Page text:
Your computer’s desktop is always there, a constant backdrop for your digital productivity.
Like the top of your desk, your desktop is a space to work. You should keep it free of clutter so it doesn’t distract you while you work.
Once it’s clear, that presents you with an opportunity. At any time, you can show your desktop with a keystroke (see the Mission Control settings in System Preferences) or a gesture (Trackpad settings). Without a bunch of files in the way, you can hack your desktop into an ever-available productivity tool.
What can you overlay?
Here are five ideas for what you can overlay on your desktop:
Your calendar and task list for the day. Where you need to be and what you need to do are two lists that should be readily accessible, but not in your face. With GeekTool, Mindful or DateLine, and a little scripting, you can put your schedule on your desktop.
Kanban board. A kanban board is a visual representation of the status of tasks. Turn your desktop into a kanban board by overlaying the stages you need, either with GeekTool or an image editor (I used OmniGraffle). Then use the stickies app to track tasks. As you progress tasks, just move that sticky note to the right.
Mission statement and goals. Instead of (or in addition to) your daily schedule, why not zoom out a few levels and remind yourself of the direction you’re heading. Overlay your personal mission statement and active goals on your desktop background. In addition to text, you can overlay images to bring part of your vision board to your daily routine.
Progress Thermometer. Are you working on a goal with a numerically measurable progress, like getting out of debt? Create an image with a progress thermometer and keep it where you can regularly see it and be inspired by how far you’ve already come.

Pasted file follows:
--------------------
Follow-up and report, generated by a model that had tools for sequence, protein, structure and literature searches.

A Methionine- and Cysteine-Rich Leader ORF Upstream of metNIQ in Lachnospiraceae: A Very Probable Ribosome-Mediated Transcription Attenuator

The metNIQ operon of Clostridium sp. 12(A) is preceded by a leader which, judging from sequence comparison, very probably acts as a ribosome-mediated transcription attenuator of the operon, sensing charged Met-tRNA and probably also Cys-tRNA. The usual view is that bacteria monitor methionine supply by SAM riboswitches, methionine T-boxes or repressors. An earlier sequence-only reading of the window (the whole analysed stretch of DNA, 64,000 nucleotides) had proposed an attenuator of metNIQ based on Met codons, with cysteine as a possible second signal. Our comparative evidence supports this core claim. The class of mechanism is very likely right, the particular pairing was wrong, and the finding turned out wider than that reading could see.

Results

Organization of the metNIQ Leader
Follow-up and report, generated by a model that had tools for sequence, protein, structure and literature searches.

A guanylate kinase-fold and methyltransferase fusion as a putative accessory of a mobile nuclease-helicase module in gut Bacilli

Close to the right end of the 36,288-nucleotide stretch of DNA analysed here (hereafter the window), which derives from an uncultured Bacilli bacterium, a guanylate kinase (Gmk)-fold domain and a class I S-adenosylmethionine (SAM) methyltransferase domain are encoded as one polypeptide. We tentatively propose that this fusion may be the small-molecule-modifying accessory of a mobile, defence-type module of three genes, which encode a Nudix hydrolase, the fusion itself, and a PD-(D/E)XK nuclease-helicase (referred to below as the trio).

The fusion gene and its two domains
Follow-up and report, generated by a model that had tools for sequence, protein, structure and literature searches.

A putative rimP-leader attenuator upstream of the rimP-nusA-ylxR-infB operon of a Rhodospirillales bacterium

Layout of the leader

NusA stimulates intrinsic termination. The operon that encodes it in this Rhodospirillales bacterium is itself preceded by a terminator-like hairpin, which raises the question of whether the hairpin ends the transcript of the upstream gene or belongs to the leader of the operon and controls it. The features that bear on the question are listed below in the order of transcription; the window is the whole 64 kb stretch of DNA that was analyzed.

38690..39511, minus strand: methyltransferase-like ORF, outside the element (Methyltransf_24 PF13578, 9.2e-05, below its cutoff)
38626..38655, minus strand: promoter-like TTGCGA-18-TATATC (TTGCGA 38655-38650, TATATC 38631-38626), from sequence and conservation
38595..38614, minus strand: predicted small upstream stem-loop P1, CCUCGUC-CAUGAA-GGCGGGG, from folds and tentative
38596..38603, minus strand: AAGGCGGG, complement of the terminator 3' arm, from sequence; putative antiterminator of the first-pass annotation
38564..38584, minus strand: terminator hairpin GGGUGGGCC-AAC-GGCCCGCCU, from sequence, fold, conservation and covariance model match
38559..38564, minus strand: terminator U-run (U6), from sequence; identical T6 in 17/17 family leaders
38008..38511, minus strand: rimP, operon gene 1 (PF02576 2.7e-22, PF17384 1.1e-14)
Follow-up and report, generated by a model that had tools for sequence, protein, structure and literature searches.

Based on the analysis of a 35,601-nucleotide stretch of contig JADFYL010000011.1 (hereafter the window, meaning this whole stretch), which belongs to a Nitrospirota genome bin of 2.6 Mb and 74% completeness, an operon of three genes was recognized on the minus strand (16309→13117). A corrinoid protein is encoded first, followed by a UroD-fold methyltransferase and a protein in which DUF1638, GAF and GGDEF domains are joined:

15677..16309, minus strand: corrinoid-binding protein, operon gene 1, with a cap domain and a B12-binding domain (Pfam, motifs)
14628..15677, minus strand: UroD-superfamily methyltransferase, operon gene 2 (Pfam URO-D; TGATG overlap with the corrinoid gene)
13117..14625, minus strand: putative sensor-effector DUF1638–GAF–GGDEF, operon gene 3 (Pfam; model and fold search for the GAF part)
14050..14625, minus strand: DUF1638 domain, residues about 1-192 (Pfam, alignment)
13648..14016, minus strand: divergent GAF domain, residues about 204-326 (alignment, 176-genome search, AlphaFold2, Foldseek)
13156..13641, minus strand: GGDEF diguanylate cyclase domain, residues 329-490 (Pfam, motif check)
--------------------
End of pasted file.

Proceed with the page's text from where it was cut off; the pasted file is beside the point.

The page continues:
Multiple desktops for different kinds of work. In Deep Work, Cal Newport recommends setting up different places where you can focus on different tasks. When you go to a particular location, it sends a signal to your brain that it’s time to engage in that activity. You can do the same thing by using multiple desktops on your Mac. Put the apps for low- and high-value tasks in separate desktop spaces. Give your creative desktop a beautiful background picture that you will enjoy seeing. Give your administrative desktop an ugly background (try a solid red). This gives you a not-so-subtle cue that you should spend your time in one space, not the other.
How to Create an Overlay
There are two ways you can overlay content on your desktop: with a dynamic overlay that’s easily updated or a static overlay that you don’t need to fiddle with.
GeekTool is a utility that will let you overlay your desktop with static text, the output of a script, or an image. You can add, remove, or tweak your overlay elements at any time, or quit the app to get them out of the way. You’ll need to go this route if you want to overlay your task list, for example.
If you don’t need the dynamic updates that GeekTool lets you do, you can also create a desktop image that has the overlay baked in. You don’t want to go this route if you’re going to change your overlays with any degree of frequency, but you can get some beautiful results this way. For example, I’ll use OmniGraffle to create a background area with a blur, then put stickies or GeekTool output on top of it.
If you’re considering trying this out, pick whichever one looks easier to try.
Don’t overlay so much that you recreate the cluttered desktop you worked so hard to clear off! Our brains start shutting down from information overload when we see clutter. If you try having your desktop do too much, it won’t be able to help you out.